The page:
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Africa’s race for the future of money heats up


AFRICA’S appetite for digital currencies is growing significantly. Private cryptocurrency providers are also increasing on the continent and even central banks are making sure they are not left behind, by exploring better ways to create and own virtual money, inside secure ecosystems.

A number of African countries are looking to launch their own virtual money, backed and issued by central banks, as appetite for digital currency grows exponentially across the continent.

A Central Bank Digital Currency tracker from US think-tank, Atlantic Council, shows six African countries are among 81 countries in the race to revolutionize global finance.

The tracker shows that Nigeria, which has been exploring the option of a digital naira over the last two years, is taking the lead on the continent, with that possibility the country may launch a pilot scheme for its citizenry before the end of 2021.

According to the West African country’s central bank, Nigeria is keen to improve the efficiency of the flow in foreign remittances, the country’s second-largest forex earner after oil. A digital currency could assist.

Another five African nations, Ghana, Morocco, Tunisia, Kenya and Madagascar are still in the research stages.

Ghana is looking at allowing a digital currency pilot following the launch of a fintech regulatory and innovation live testing pilot. The pilot will also give preference to projects using blockchain technology from early in the new year. Ghana has christened the digital currency project, E-Cedi.

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After a four-year ban, the Moroccan Central Bank has formed an exploratory committee to determine the positive and drawbacks of a regulated digital currency ecosystem to its economy.

Tunisia is exploring ways to advance its e-dinar, a blockchain-based digital version of the Tunisian dinar that has been on issuance through the government’s post office over the last five years.

The Central Bank of Madagascar has embarked on a two-phased project to study the issuance of a digital currency called e-Ariary that will entail analysis, design and experimentation before implementation.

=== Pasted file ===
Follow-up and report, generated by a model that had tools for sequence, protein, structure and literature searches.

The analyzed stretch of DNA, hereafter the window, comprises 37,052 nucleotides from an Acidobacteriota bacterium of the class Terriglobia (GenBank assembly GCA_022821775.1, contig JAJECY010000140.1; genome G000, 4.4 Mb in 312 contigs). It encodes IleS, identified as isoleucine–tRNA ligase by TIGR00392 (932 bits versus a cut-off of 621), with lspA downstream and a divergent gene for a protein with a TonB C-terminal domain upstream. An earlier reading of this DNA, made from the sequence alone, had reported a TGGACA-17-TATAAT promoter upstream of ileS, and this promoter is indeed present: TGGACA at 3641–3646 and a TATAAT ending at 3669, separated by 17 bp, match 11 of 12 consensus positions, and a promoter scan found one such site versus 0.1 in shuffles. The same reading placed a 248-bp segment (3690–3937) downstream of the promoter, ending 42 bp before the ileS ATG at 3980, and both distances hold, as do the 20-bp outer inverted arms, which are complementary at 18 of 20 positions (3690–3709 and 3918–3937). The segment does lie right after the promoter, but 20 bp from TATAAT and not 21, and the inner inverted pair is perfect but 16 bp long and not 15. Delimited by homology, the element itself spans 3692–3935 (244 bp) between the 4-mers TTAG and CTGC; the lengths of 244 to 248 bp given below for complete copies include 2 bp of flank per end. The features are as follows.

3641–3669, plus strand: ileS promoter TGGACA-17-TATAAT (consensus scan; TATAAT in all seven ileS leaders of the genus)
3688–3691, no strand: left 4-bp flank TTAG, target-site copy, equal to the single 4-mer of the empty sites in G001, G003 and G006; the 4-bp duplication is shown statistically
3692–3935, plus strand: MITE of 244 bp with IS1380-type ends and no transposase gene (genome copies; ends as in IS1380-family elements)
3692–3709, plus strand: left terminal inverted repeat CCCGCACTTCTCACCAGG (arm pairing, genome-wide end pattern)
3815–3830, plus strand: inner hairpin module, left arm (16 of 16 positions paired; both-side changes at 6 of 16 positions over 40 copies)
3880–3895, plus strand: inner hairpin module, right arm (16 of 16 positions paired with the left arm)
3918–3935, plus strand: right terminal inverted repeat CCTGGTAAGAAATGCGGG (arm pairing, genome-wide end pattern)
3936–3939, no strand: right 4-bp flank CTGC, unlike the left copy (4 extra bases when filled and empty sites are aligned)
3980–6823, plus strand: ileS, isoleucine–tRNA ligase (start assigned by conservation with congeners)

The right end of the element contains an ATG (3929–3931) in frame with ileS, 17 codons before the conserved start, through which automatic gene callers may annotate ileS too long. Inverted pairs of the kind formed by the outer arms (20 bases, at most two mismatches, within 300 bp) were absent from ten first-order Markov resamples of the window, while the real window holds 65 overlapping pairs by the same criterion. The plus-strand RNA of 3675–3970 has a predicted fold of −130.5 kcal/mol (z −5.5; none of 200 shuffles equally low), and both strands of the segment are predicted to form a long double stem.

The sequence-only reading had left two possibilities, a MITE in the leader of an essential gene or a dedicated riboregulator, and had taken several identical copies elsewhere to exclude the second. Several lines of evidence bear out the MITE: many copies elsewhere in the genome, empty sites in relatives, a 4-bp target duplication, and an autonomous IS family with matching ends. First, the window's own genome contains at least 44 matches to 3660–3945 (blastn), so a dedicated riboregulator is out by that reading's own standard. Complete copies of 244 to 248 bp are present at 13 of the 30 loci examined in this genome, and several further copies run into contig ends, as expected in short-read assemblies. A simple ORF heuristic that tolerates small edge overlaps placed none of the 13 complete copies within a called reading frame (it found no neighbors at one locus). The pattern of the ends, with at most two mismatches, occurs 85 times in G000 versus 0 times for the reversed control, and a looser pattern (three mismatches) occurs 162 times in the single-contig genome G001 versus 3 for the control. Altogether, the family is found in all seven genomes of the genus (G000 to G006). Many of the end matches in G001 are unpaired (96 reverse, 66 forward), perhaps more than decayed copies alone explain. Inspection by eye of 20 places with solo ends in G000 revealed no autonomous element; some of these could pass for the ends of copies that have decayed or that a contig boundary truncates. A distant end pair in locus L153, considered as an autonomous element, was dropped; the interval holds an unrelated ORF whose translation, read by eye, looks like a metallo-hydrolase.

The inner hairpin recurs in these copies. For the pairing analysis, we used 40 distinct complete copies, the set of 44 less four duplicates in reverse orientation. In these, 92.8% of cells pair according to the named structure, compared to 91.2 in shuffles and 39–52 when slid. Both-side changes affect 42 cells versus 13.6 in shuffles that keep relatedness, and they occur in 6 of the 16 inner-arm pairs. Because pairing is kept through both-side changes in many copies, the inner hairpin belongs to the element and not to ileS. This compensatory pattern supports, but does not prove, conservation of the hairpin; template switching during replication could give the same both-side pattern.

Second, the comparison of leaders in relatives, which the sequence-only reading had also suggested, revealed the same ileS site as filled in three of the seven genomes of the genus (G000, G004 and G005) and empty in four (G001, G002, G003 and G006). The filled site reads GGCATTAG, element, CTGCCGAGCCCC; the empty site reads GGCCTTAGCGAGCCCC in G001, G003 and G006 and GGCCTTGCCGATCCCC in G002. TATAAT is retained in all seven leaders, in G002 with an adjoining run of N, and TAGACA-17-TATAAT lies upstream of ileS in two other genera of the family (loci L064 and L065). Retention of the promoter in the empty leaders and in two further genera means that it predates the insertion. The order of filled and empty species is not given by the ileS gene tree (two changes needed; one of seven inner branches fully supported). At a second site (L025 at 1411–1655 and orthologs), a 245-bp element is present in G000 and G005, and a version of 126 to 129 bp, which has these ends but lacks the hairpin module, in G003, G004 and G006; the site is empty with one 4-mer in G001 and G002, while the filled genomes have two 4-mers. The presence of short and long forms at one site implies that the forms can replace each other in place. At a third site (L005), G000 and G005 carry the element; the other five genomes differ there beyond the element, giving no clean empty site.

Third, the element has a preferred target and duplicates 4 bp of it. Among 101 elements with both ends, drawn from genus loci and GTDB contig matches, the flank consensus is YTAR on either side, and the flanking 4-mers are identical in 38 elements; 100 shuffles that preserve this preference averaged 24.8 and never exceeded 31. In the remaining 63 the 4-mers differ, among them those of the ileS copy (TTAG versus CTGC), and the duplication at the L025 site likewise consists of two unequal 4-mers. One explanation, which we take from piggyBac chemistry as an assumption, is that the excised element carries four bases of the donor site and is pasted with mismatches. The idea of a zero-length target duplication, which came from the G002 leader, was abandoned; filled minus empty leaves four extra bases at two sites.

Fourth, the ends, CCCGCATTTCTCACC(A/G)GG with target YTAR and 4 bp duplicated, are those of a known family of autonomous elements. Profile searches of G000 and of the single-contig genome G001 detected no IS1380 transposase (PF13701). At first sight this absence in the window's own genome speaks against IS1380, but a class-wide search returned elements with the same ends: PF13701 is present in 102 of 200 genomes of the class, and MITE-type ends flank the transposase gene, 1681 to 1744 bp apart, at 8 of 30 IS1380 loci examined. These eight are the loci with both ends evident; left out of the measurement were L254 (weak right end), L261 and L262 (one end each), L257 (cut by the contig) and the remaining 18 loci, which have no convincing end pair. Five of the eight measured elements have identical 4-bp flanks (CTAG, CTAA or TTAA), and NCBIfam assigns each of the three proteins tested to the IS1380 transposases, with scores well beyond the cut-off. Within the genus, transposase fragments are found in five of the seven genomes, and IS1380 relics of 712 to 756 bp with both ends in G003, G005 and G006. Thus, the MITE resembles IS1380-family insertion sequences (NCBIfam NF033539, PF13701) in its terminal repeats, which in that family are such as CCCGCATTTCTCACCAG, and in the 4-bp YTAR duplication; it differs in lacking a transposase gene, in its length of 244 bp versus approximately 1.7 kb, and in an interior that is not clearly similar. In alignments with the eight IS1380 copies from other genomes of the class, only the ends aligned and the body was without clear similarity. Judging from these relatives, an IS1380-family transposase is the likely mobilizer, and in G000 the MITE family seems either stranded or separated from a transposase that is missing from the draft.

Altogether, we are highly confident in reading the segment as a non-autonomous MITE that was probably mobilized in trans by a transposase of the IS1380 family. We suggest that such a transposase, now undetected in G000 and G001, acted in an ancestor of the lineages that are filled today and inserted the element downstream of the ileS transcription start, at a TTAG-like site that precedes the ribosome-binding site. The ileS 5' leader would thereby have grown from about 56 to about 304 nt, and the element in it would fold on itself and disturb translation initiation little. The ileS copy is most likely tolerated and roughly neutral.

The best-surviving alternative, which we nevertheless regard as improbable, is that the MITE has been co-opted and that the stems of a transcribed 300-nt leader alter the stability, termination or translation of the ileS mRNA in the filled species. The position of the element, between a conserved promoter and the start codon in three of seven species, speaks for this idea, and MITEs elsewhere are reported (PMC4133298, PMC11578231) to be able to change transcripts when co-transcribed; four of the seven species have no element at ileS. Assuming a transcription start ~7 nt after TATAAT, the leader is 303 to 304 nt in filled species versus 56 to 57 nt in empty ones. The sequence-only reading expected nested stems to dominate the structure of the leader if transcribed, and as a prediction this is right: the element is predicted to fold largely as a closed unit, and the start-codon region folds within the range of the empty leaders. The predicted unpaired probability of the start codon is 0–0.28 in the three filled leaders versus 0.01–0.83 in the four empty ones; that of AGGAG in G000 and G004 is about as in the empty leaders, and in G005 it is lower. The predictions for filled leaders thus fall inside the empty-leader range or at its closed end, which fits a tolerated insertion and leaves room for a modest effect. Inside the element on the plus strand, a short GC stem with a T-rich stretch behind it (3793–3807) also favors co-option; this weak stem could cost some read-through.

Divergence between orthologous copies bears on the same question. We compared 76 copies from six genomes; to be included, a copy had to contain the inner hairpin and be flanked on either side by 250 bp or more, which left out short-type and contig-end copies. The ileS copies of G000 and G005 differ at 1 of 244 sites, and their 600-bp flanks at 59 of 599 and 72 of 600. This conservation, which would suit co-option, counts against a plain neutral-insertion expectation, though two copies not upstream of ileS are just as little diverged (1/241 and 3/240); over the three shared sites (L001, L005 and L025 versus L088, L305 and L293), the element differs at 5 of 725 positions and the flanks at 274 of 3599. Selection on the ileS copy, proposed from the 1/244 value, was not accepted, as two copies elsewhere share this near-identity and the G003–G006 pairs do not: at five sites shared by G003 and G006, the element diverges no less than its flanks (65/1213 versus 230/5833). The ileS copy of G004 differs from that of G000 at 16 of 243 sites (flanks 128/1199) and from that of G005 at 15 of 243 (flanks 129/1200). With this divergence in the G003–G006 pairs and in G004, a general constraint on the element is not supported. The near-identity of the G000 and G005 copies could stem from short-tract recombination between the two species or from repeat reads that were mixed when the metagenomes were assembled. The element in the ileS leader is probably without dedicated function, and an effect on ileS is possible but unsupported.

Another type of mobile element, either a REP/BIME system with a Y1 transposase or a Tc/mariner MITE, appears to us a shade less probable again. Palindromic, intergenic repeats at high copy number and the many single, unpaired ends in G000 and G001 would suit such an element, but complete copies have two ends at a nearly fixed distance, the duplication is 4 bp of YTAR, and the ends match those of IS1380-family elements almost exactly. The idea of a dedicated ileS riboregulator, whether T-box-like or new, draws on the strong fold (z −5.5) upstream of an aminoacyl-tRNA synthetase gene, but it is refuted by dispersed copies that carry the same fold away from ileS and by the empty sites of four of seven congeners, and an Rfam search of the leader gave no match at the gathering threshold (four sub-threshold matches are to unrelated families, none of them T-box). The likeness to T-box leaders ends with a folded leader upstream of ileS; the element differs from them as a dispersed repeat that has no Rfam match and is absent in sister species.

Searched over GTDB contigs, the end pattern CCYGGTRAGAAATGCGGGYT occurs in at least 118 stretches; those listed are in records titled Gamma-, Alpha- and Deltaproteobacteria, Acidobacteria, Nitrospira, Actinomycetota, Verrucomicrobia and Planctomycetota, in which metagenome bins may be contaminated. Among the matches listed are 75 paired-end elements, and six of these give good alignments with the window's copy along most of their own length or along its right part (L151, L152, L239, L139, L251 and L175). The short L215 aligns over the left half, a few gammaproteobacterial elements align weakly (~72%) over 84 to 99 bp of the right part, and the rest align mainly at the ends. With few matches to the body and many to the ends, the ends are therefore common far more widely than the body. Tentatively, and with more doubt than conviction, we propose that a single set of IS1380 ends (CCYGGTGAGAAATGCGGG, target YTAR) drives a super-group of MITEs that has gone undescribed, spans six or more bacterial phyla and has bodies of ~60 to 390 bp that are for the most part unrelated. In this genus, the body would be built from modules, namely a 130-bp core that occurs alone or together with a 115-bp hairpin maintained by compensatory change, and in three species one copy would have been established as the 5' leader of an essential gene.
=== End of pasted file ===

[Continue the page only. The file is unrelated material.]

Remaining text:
The “mushrooming of private cryptocurrencies” has also sparked interest in a regulated digital ecosystem in Kenya, with the country’s central bank saying it has initiated discussions with global players about central bank digital currencies.

The high cost of sending cash home from overseas – an important catalyst for development and social upliftment – has also emerged as a top motivator for the growing popularity and adoption of virtual currencies in the continent.

Blockchain data platform, Chainalysis, in its 2020 Geography of Cryptocurrency Report shows that Africa leads other regions in the world on retail-sized transfer of below USD 10,000. Between July 2019 and June 2020, Africa’s cryptocurrency volume retail share accounted for 29 percent, compared to Latin America and other regions in the developing world that scored below 20 percent.

“Roughly USD 3.7 billion worth of cryptocurrency was transferred to and from overseas addresses to ones based in Africa over the time period studied, with USD562 million of that coming in retail-sized payments under USD10,000,” said the report.

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The World Bank report shows that most individuals pay an average of between nine and 15 percent in transaction fees, to send home remittances of below USD 200, compared to a global average of 6.8 percent.

Other economies that are also exploring the best avenues and implementation strategies for a regulated regime include Tanzania, South Africa and Egypt.

Tanzania has set up a team to work on a directive from President Samia Suluhu that called on the country’s central bank to ‘prepare for cryptocurrencies’. The team is to ‘advise government on policy, legislation and guidelines for effective use of technology’.

Egypt’s central bank, through its ‘Regulations Governing Provision of Payment Orders through Mobile Phones’, has allowed banks to issue electronic currencies, subject to its supervision, provided that each coin in the mobile payment service equals one Egyptian pound.

“E-Money units shall mean electronic units of monetary value equivalent to 1 Egyptian pound each. These shall be issued by a bank operating in the Arab Republic of Egypt under the supervision of the Central Bank of Egypt,” it said.

The South African Reserve Bank (SARB) has embarked on a feasibility study to examine the pros and cons of a central bank digital currency (CBDC).

A comparative report by blockchain infrastructure platform Bison Trails shows that 80 percent of central banks across the globe are exploring use cases involving central bank digital currencies (CBDCs) and some 40 percent are already testing proof-of-concept programs.

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Even as governments accelerate efforts to build a secure ecosystem for digital currencies, more people on the continent continue to use cryptocurrencies from private sector players.

The U.K.-based crypto company Luno, for instance, reports that 4.7 million of its 7 million global customers are in Africa, an amount that has doubled in just one year, from the 2.3 million in 2020.

By The African Mirror